Moms in labor move about thanks to new wireless fetal monitor; Cedar City Hospital

Photo by Wavebreakmedia/Getty Images; St. George News

CEDAR CITY — On the heels of being named one of the Top 20 rural hospitals in the nation, the Cedar City Hospital’s Intermountain Foundation recently received a $5,000 gift from the Rocky Mountain Power Foundation. The donation will contribute to the hospital’s purchase of wireless mobile fetal monitoring systems for mothers in labor.

Michael France, the Intermountain Foundation’s major gifts officer, said the wireless fetal monitoring systems are a significant improvement over the previous monitoring equipment. He said:

When these moms that are in labor come in, they have these big baby monitors. … They usually roll around on casters and have a big machine that looks like a bunch of VCRs and a bunch of cables coming in and out of them. They hook those cables up to the mom, and they monitor both mom’s vitals … and the baby’s heart rate, and it compiles that information and warns the nurses if something is awry. The problem with those monitors is that they are big and on casters and have to be plugged in. When you’re hooked up, you’re in bed. There is really nowhere else to go.

The new monitors — part of the new GE Mini Telemetry System —  make all of that wireless.

“They have a little sling they can throw over your shoulder,” France said. “Now they’re not tied to a bed. They can actually get up, walk around and have the experience they want.”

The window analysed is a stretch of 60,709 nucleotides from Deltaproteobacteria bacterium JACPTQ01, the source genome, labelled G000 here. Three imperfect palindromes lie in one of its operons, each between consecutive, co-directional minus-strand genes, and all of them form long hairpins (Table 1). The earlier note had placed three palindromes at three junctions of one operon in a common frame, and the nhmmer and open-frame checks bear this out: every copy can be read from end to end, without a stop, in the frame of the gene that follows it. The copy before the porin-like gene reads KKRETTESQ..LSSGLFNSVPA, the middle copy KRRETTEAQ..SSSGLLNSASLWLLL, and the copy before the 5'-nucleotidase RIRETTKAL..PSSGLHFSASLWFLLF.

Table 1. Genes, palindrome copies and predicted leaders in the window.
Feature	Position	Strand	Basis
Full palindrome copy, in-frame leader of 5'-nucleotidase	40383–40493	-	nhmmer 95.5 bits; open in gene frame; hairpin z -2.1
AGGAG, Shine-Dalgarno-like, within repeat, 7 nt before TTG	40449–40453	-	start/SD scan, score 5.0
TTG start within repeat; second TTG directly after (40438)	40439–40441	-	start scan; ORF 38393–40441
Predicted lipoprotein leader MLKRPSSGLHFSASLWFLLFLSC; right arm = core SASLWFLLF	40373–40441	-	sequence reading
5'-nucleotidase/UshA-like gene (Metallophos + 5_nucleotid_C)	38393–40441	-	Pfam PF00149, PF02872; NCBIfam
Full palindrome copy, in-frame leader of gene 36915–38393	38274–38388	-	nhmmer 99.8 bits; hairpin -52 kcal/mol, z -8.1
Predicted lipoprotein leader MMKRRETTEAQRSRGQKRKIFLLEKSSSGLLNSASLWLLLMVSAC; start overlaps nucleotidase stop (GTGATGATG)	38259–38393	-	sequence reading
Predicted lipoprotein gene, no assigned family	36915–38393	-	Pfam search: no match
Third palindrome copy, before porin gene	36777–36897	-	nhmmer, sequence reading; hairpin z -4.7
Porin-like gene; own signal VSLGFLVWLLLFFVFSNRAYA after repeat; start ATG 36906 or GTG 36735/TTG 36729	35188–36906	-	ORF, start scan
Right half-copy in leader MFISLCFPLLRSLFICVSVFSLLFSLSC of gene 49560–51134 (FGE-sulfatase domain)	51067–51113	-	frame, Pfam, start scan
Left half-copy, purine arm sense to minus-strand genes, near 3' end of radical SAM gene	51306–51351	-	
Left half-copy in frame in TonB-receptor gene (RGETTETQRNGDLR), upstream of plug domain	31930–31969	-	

Natural childbirth is becoming a much bigger trend, France said, and the ability of those mothers to get up and walk around in the hallways helps with the pain. He added that, while typically the actual deliveries ultimately take place in a bed, the wireless monitors also allow mothers to have water births in a tub.

The wireless monitors are $5,000 each, so the donation from the Rocky Mountain Power Foundation will allow them to purchase one unit. The hospital is very grateful for the support, France said.

“The hospital does great things, but because of support from organizations like Rocky Mountain Power, we are able to take it to the next level.”

L-R: Cedar City Hospital women and newborn staff registered nurse Lisa Arnhart; licensed practical nurse Sherry Allen; Intermountain Foundation at Cedar City Hospital's Major Gifts Officer Michael France; Rocky Mountain Power Regional Business Manager Tom Heaton; Cedar City Hospital women and newborns registered nurse Annie Gibson. Cedar City, Utah, circa May 2016 | Photo courtesy of Rocky Mountain Power, St. George News
L-R: Cedar City Hospital women and newborn staff registered nurse Lisa Arnhart; licensed practical nurse Sherry Allen; Intermountain Foundation at Cedar City Hospital’s Major Gifts Officer Michael France; Rocky Mountain Power Regional Business Manager Tom Heaton; Cedar City Hospital women and newborns registered nurse Annie Gibson. Cedar City, Utah, circa May 2016 | Photo courtesy of Rocky Mountain Power, St. George News

The Rocky Mountain Power Foundation is the philanthropic arm of the power company. Regional Business Manager Tom Heaton said in a news release that Rocky Mountain is proud to support the hospital with the gift that will help bring the Cedar City Hospital the very latest in technology and safety.